There’s a little problem that occurs when we focus on our children’s obedience (or disobedience). We forget to check the status of their hearts. And if there’s anything we want to be careful of it’s that we not raise children who are outwardly obedient but inwardly defiant.
When you see your child obediently pick up his toys, does he do it happily? Does he obey your command because he’s knows it’s right? Or does he simply obey because he’ll face a consequence if he doesn’t?
Now, I think it’s important to realize that we can’t expect happy hearts all the time from toddlers and preschoolers. The Ezzos are frequently quoted as saying, “Actions precede beliefs.” For example, we need our kids to share with friends before they understand why they should do so. But if we have sufficiently taught our children the need for happy obedience, then we can expect that the correct attitude will accompany the obedience.
I expect William, age 8, to obey with a happy heart. He doesn’t have to love whatever chore I’ve given him, but he must do it correctly and without complaint. He’s at an age where I know that he knows why I expect him to clean up his toys. I know that I’ve sufficiently taught him. In fact, just yesterday, I reminded him, “We have to take care of our things. If we don’t take care of our things, then we aren’t responsible enough to have them.”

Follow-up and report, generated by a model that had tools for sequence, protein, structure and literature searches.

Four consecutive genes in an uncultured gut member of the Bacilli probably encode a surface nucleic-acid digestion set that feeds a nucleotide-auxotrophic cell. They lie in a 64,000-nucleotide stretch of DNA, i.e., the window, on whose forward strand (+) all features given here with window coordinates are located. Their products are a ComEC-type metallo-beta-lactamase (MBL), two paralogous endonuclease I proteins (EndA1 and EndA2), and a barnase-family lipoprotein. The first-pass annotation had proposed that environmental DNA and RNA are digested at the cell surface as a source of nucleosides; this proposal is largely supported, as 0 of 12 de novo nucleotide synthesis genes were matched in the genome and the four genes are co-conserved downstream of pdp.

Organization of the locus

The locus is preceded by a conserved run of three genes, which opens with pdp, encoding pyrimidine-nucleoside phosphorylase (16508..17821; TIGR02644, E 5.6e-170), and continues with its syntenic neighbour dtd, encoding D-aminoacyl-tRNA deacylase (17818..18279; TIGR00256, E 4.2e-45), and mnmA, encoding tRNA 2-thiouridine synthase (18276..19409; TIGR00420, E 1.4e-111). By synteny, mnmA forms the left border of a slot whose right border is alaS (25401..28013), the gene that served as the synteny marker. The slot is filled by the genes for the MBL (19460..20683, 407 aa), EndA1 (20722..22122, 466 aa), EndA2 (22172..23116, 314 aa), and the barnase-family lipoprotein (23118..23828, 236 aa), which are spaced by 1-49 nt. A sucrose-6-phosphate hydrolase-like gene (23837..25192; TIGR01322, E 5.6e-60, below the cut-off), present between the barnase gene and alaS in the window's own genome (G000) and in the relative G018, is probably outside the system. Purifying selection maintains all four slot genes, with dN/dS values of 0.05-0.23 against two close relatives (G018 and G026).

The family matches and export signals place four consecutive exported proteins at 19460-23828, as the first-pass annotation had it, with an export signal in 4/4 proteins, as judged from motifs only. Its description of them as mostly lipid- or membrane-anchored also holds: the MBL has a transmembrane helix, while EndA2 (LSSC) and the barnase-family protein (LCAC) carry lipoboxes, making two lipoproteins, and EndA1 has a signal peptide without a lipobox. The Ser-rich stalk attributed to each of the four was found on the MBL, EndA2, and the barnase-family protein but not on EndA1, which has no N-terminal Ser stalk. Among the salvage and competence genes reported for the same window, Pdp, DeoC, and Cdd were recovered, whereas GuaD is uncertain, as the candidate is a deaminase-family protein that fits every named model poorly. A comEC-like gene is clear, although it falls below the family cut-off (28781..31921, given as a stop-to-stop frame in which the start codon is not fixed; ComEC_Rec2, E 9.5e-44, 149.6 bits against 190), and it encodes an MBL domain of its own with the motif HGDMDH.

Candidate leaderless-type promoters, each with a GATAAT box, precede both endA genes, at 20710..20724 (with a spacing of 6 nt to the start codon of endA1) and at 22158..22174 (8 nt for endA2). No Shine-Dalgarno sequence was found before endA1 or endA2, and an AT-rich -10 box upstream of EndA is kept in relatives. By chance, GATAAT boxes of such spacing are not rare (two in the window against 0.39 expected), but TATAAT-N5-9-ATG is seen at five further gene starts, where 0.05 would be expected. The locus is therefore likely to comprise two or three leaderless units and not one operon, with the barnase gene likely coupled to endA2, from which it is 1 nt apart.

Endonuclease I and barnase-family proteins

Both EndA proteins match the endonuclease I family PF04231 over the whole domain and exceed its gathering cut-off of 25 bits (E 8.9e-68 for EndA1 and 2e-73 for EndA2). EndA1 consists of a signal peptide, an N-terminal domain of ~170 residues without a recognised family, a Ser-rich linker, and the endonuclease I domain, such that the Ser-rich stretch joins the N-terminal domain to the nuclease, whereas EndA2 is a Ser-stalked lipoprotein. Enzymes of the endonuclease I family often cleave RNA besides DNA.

Ultimately, we need to check our kids’ hearts because our primary goal in parenting is shaping their moral compasses. If we allow them to get by with outward obedience but don’t require a good attitude, how will we know that they won’t adopt a similar attitude with teachers, bosses, and other authority figures?
We can teach a child how to sweep and do dishes, but if we neglect to teach them why it’s important to keep a clean house, what will he do when he’s living on his own? He may view chores simply as something his parents required but that he doesn’t see the need for.
This idea extrapolates to much more important moral considerations like lying, stealing, cheating, hard work, kindness, selfishness, etc. We want to not only teach them HOW to be good people, but WHY they should be good people.
So whether they’re two or twelve, we should expect a happy heart. If in the early years, after a timeout, you go through the motions of getting an apology and seeking forgiveness yet your child remains grumpy about it all, leave him there! If in the preteen years, you see a defiant heart, take stock and figure out where you may have forgotten to explain the importance of the action you’re requiring.
If at any point you see a blip in your child’s moral radar, go back to teaching the moral lessons behind everything you expect. Use every opportunity possible to mold their little hearts. And never stop at obedience.